In Skuse v. Pfizer, Inc., __ N.J. __, 2020 N.J. LEXIS 904 (Aug.18, 2020), the New Jersey Supreme Court resolved the tension with earlier case law created by the appellate division’s holding that “acknowledging” receipt of a company-wide email announcing a new policy requiring arbitration was not sufficient for the formation of an arbitration contract.
Pfizer had circulated two emails to all employees announcing its new arbitration policy and stating that employees would be deemed to have accepted that policy if they remained in the company’s employ more than 60 days later. In the first email, the final page of the “Agreement” stated:
You understand that your acknowledgement of this Agreement is not required for the Agreement to be enforced. If you begin or continue working for the Company sixty (60) days after receipt of this Agreement, even without acknowledging this Agreement, this Agreement will be effective, and you will be deemed to have consented to, ratified and accepted this Agreement through your acceptance of and/or continued employment with the Company.
The email also included a link to frequently asked questions, with answers such as, “The Arbitration Agreement is a condition of continued employment with the Company. If you begin or continue working for the Company sixty (60) days after receipt of this Agreement, it will be a contractual agreement that binds both you and the Company.” This warning was repeated at other locations, including a second email with four “slides.” The third slide stated, in part:
I understand that I must agree to the Mutual Arbitration and Class Waiver Agreement as a condition of my employment. Even if I do not click here, if I begin or continue working for the Company sixty (60) days after receipt of this Agreement, even without acknowledging this Agreement, this Agreement will be effective, and I will be deemed to have consented to, ratified and accepted this Agreement through my acceptance of and/or continued employment with the Company. After that paragraph, the slide contained a button instructing the employee to “CLICK HERE to acknowledge” the new policy, as indicated earlier in the slides.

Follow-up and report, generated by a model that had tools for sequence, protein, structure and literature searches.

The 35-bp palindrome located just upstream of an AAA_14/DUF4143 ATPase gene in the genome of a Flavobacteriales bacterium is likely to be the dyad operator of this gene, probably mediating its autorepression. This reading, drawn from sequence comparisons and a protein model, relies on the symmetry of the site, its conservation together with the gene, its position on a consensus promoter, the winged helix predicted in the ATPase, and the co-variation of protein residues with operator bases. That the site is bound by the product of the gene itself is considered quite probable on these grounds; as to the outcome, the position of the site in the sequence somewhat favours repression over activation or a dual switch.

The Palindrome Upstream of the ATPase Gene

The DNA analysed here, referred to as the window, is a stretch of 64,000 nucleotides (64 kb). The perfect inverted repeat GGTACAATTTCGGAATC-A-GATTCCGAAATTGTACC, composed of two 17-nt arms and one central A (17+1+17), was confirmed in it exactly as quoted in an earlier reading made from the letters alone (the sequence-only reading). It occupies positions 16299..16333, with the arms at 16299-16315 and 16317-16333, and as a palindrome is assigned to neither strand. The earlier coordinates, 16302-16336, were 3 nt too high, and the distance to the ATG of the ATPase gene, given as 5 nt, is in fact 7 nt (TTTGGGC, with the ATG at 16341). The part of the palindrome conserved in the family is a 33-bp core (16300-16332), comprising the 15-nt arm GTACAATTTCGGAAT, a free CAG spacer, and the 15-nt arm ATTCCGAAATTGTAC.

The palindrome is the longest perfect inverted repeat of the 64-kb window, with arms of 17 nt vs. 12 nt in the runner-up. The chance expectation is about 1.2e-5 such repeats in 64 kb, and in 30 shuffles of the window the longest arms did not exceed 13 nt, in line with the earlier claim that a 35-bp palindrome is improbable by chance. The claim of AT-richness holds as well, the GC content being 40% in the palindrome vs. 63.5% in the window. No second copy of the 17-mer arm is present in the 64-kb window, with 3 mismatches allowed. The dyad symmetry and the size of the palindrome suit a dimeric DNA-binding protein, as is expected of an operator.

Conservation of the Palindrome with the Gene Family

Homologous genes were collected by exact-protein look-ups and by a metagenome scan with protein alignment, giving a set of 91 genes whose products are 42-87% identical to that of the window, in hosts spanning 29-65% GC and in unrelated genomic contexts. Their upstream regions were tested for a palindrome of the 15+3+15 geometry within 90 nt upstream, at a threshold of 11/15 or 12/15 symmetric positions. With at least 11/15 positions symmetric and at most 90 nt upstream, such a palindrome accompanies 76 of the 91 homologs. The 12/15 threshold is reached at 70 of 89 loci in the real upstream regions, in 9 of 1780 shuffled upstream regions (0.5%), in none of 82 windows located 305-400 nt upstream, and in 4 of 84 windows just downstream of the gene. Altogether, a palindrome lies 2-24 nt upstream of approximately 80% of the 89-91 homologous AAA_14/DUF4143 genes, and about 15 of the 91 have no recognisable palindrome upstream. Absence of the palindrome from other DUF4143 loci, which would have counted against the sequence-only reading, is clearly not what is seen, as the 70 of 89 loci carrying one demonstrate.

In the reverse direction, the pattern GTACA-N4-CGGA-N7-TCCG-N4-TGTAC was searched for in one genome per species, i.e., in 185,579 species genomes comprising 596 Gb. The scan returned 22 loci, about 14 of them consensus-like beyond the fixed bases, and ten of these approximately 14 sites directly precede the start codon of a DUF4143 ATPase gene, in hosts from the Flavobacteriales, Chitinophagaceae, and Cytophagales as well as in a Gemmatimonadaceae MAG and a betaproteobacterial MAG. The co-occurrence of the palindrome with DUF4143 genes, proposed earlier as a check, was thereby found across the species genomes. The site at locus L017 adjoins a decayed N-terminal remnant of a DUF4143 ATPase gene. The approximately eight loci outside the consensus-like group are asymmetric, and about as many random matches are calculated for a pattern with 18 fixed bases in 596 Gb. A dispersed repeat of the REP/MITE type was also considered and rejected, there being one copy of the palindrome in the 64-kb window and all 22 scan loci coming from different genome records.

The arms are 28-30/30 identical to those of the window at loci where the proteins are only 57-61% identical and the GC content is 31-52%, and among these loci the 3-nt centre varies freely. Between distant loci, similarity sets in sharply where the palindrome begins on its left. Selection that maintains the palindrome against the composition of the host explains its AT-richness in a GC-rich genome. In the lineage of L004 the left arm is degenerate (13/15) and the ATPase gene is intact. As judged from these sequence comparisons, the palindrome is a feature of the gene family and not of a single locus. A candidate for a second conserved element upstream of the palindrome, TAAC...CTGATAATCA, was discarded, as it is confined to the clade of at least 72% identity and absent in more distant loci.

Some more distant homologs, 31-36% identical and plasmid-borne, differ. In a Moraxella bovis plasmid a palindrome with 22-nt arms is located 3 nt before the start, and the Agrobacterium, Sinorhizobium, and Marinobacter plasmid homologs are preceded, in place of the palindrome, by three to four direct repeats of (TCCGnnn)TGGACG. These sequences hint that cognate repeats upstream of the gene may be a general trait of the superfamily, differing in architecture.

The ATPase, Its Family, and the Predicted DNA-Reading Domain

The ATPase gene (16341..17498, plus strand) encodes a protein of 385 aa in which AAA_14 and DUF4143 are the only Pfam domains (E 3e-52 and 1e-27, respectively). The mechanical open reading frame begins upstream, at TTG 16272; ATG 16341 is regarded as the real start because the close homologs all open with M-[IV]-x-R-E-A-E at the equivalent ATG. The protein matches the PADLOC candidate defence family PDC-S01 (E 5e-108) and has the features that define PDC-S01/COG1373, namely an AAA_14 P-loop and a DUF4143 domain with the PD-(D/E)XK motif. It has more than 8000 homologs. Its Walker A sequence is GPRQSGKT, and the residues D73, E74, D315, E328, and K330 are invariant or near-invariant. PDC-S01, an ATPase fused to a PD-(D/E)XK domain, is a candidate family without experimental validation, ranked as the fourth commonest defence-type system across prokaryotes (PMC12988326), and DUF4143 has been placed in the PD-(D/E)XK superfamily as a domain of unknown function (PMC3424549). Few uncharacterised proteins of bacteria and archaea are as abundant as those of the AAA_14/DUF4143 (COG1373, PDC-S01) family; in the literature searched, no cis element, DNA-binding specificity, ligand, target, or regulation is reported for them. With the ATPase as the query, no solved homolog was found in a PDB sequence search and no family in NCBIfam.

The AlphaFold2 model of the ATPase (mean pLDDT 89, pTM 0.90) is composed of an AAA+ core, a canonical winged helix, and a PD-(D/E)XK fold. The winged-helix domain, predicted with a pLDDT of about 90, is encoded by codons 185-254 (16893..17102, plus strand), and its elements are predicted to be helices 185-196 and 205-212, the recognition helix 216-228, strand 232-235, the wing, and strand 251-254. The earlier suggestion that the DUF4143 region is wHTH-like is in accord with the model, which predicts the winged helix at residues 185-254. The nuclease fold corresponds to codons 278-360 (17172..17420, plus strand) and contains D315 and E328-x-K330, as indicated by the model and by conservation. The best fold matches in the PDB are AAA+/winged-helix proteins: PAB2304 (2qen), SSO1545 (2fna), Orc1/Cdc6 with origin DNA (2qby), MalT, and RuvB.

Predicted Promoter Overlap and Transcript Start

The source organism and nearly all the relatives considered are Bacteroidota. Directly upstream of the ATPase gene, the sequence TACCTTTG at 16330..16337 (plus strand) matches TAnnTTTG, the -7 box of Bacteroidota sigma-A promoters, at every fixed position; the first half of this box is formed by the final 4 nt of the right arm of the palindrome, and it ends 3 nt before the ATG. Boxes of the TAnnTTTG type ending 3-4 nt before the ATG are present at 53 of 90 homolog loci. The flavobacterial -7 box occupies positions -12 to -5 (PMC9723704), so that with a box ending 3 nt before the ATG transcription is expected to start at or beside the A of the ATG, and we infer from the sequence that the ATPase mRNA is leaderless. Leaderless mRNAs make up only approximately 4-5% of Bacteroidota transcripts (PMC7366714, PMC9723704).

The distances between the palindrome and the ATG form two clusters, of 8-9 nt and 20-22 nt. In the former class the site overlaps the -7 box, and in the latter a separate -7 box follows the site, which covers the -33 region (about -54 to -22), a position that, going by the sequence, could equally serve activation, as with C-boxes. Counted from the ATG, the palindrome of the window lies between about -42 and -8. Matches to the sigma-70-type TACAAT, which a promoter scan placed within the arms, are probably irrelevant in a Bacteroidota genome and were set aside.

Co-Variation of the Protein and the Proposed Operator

A dispute arose when Skuse, a corporate flight attendant, declined to be vaccinated for yellow fever on religious grounds. (The vaccine contained animal products, the ingestion of which was contrary to her Buddhist faith.) The company allegedly refused an accommodation, and she was terminated. When she sued for violation of New Jersey’s Law Against Discrimination, the company successfully moved to compel arbitration. The trial court relied on Jaworski v. Ernst & Young U.S. LLP, 441 N.J. Super. 464 (App. Div. 2015), which had held that continuing employment could constitute assent to an announced arbitration policy. Skuse said the trial court should assume she had received the emails.
On appeal, the appellate division reversed, 457 N.J. Super. 539 (App. Div. 2019), holding that there must be an affirmative acceptance of the arbitration requirement by use of the word “agree” or a similar term. Implied agreement, or agreement by performance, was held “inadequate,” 457 N.J. Super. at 542, despite Jaworski and other cases holding that agreement could be indicated by accepting employment or continuing to work with knowledge of the arbitration policy.
The Supreme Court reversed, noting that courts may not subject arbitration agreements to “more burdensome requirements than those governing the formation of other contracts.” Slip Op. at 19, quoting Leodori v. CIGNA Corp., 175 N.J. 293, 302 (2003). It then reaffirmed Martindale v. Sandvik, Inc., 173 N.J. 76, 88-89 (2002), for the proposition that continued employment can “constitute sufficient consideration to support certain employment-related agreements,” and Weichert Co. Realtors v. Ryan, 128 N.J. 427, 436 (1992), that “assent” to an offer can be by words or “by conduct, creating a contract implied-in-fact.”
Given the prior case law, the question became whether it was appropriate to notify employees by emails sending attachments and slides termed “training,” and whether the employee need only “acknowledge” receipt of the email notice (by clicking a button in the electronic message) rather than “agree” to be bound by the terms set out in the communications. Leodori had held that where the company says that assent is to be indicated by signing the handbook at issue, acknowledging receipt or other methods of purported “assent” are not sufficient for contract formation. In Skuse, the Supreme Court held that the concerns evident in Leodori were not present, since Pfizer had informed the employees that assent would be communicated by continued employment, rather than by a signature or clicking “agree.” While characterizing the communication as a “training” module was a misnomer, it was held not “misleading” in this context. The court held that emails were a regular means of corporate communication, and employees who do not read their emails do so at their own risk. Consistent with standard contract principles, not reading a contract or clause does not negate contract formation where assent is otherwise present.
By amplifying the differences between Martindale and Leodori, in the context of mass email communications and click-wrap solicitations, Skuse gives employers clearer guidance regarding distributing an arbitration program and the means of obtaining employees’ assent, all marked as consistent with standard contract formation principles.